New Beer's Eve

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New Beer's Eve is an unofficial holiday in the United States celebrated on April 6, the night preceding the day the sale of beer became legal again in the United States, on April 7, 1933.

The beginning of the end of Prohibition in the United States occurred as a result of the Cullen–Harrison Act and its signing into law by President Franklin D. Roosevelt on March 23, 1933. This led to the Eighteenth Amendment being repealed on December 5, 1933, with ratification of the Twenty-first Amendment to the U.S. Constitution. [1]

Upon signing the legislation, Roosevelt made his famous remark, "I think this would be a good time for a beer."[2][3] Sales of beer in the U.S became legal on April 7, 1933, in states that had enacted their own law allowing such sales. The beer had to have an alcohol content less than 3.2% by weight (4% by volume), compared to the 0.5% limit of the Volstead Act, because 3.2% was considered too low to produce intoxication. On the evening of April 6, people lined up outside breweries and taverns, waiting for midnight when they would be able to legally purchase beer for the first time in over 13 years. Since then, the night of April 6 has been referred to as "New Beer's Eve" and April 7 is known as "National Beer Day"[4][5][6][7]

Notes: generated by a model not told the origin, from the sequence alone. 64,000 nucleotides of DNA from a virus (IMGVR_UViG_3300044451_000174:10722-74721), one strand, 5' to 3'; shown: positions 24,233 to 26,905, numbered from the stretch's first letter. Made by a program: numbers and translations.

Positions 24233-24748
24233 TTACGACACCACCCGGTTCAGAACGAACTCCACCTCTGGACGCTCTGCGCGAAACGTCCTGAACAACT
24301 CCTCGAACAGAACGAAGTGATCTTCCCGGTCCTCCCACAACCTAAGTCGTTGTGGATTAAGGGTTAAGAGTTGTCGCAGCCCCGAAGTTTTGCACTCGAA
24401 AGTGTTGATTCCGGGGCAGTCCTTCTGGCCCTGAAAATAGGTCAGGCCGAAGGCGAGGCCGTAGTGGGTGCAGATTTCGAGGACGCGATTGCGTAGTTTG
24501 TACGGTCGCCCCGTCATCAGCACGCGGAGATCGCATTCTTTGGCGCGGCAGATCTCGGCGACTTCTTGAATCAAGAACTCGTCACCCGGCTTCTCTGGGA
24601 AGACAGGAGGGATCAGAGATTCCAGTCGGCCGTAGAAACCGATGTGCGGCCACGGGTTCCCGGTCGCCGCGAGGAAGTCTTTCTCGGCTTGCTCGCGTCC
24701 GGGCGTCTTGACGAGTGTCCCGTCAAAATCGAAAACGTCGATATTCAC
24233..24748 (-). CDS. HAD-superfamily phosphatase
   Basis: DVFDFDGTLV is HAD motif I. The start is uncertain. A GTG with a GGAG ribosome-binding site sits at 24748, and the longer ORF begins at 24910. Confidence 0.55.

References[edit]

  1. ^ W. Paul Reeve. "Prohibition Failed to Stop the Liquor Flow in Utah". Utah History to Go. Retrieved 2013-11-07.  (First published in History Blazer, February 1995)
  2. ^ "Post". fdrlibrary.tumblr.com. Franklin D. Roosevelt Presidential Library and Museum. Retrieved 18 February 2016. 
  3. ^ Smith, Jean Edward (2007). F.D.R. New York, N.Y.: Random House. pp. 305, 316. ISBN 978-0-8129-7049-4. Retrieved 18 February 2016. 
  4. ^ "New Beer's Eve: Happy days were here again". CNN. April 7, 2008. Retrieved February 3, 2010. 
  5. ^ Wolters, Larry (1933-04-02). "W-G-N To Report Festivities On New Beer'S Eve". Pqasb.pqarchiver.com. Retrieved 2010-02-04. 
  6. ^ Rasmussen, Frederick N. (2008-04-13). "When Baltimoreans Hailed `New Beer'S Eve'". Pqasb.pqarchiver.com. Retrieved 2010-02-04. 
  7. ^ Burkhart, Jeff (April 2, 2008). "Barfly: a toast to the end of a 'noble experiment,' Prohibition.". Marin Independent Journal. Retrieved February 3, 2010.